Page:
Microsoft just bought Skype for $8.5 billion. Not to get too personal, but that’s many, many billions more than I make in a year. But unlike buying a human writing machine like yours truly at an affordable price, Microsoft is paying $8.5 billion for something called Skype. Here’s what it’s getting.
Kazaa, in case you don’t remember or have never heard of it, was a peer-to-peer file sharing program used by millions of people in the early 2000’s just as Napster was getting shut down for enabling the illegal sharing of music files. Kazaa enabled people to share music files but it also let people share videos and programs as well, which made it very, very popular.
The basic structure of a peer-to-peer file sharing network is that whoever’s on the network is connected to everyone else on the network, with no official, central server or group of servers sitting in the middle holding all the files. The more people who are on the network, the faster the network can send files back and forth. And the more people who have the same file on their computer, the faster it could be sent to someone trying to download it.
So the magic of Napster and later, Kazaa, was that when a popular file—say, a music file labeled HumptyDance.mp3—was made available on the network, everyone could download it really fast. And better yet, no one person could really be held accountable for facilitating piracy since the file wasn’t stored on a central server anywhere—though as we’d see later, the people that actually owned Napster and Kazaa eventually got sued anyway.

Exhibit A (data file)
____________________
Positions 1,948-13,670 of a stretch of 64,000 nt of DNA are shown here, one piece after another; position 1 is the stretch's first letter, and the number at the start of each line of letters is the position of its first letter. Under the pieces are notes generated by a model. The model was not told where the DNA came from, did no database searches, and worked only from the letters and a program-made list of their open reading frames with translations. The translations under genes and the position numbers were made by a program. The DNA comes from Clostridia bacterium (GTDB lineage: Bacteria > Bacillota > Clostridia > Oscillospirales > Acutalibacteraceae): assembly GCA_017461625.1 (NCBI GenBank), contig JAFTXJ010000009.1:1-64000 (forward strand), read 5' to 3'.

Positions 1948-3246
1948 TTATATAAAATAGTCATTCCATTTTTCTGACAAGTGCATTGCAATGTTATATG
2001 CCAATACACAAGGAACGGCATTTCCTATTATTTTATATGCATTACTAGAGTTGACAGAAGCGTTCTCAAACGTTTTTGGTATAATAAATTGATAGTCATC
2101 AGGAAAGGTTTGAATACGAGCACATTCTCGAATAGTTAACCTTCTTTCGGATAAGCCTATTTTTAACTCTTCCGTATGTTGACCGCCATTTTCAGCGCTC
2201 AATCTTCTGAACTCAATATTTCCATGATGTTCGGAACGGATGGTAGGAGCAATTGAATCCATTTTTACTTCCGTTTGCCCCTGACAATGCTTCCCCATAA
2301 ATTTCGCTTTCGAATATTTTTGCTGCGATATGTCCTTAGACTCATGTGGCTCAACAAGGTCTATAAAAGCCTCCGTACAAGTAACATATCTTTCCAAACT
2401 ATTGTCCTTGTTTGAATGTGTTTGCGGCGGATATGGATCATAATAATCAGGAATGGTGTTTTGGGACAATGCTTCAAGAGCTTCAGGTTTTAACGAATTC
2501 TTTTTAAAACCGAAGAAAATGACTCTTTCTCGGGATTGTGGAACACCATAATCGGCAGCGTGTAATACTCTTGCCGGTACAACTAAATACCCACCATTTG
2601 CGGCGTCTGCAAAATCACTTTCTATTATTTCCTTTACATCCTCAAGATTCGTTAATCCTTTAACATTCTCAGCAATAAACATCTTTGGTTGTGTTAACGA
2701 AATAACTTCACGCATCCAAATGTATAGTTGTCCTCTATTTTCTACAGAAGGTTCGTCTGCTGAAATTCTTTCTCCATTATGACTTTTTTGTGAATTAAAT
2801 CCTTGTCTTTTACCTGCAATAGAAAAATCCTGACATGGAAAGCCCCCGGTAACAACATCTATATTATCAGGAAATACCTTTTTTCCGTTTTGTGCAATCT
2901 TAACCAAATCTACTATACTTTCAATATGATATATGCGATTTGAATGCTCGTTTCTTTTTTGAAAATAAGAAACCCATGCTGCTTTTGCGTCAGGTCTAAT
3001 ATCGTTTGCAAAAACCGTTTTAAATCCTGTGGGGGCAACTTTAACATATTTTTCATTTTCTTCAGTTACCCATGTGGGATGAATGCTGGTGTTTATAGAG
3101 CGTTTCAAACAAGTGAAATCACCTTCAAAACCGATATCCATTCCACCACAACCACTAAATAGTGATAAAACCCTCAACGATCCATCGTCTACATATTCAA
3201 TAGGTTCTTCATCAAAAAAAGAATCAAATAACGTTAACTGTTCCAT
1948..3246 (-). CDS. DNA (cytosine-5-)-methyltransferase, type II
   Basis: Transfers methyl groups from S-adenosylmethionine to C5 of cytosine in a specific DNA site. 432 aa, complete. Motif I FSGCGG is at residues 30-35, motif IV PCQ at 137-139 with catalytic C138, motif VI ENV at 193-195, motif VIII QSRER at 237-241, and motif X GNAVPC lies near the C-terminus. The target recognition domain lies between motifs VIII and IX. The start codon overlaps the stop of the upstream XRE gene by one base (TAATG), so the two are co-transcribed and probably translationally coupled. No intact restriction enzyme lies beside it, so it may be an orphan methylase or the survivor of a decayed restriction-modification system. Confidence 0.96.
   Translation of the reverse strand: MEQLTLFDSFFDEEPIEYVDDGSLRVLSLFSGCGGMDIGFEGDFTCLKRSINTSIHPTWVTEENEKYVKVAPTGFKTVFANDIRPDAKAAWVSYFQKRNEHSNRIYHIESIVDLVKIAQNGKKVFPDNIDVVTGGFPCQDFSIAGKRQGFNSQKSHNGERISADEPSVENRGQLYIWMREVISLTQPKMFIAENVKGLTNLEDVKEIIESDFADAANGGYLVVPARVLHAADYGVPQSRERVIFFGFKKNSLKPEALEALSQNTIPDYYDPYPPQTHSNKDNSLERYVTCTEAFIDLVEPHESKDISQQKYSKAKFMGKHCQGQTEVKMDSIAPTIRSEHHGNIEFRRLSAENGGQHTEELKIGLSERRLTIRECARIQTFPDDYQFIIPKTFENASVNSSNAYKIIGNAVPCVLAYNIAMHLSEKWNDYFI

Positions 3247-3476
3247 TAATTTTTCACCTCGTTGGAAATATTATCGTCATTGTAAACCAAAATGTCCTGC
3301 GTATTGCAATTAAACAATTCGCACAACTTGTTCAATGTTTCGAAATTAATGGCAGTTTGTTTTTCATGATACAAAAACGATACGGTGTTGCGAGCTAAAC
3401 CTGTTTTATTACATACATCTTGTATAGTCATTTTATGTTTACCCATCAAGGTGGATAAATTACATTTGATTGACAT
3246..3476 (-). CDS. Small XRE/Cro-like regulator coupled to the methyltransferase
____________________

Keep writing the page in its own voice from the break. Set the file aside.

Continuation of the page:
Kazaa was initially built by some programmers in Estonia and then purchased by two guys: Niklas Zennstrom of Sweden and Janus Friis of Denmark. Zennstrom and Friis developed Kazaa a bit more and by around 2003, it became the most downloaded piece of software ever. They sold the company to Sharman Networks shortly thereafter and set out to build Skype.
Skype’s Peer-to-Peer Roots
Skype leveraged the same type of peer-to-peer networking idea that Kazaa was built upon, but applied it to voice transmission instead. The idea was that the more people that used Skype, the more reliable the connection would be for each of them. Oh, and it was free. That helped a lot. Skype’s big selling point was that users could make free voice calls (using their computers and a headset) to each other from anywhere in the world. After all, since it was a peer-to-peer network it was to Skype’s advantage to have as many people using the network as possible so that it’d be stable and fast.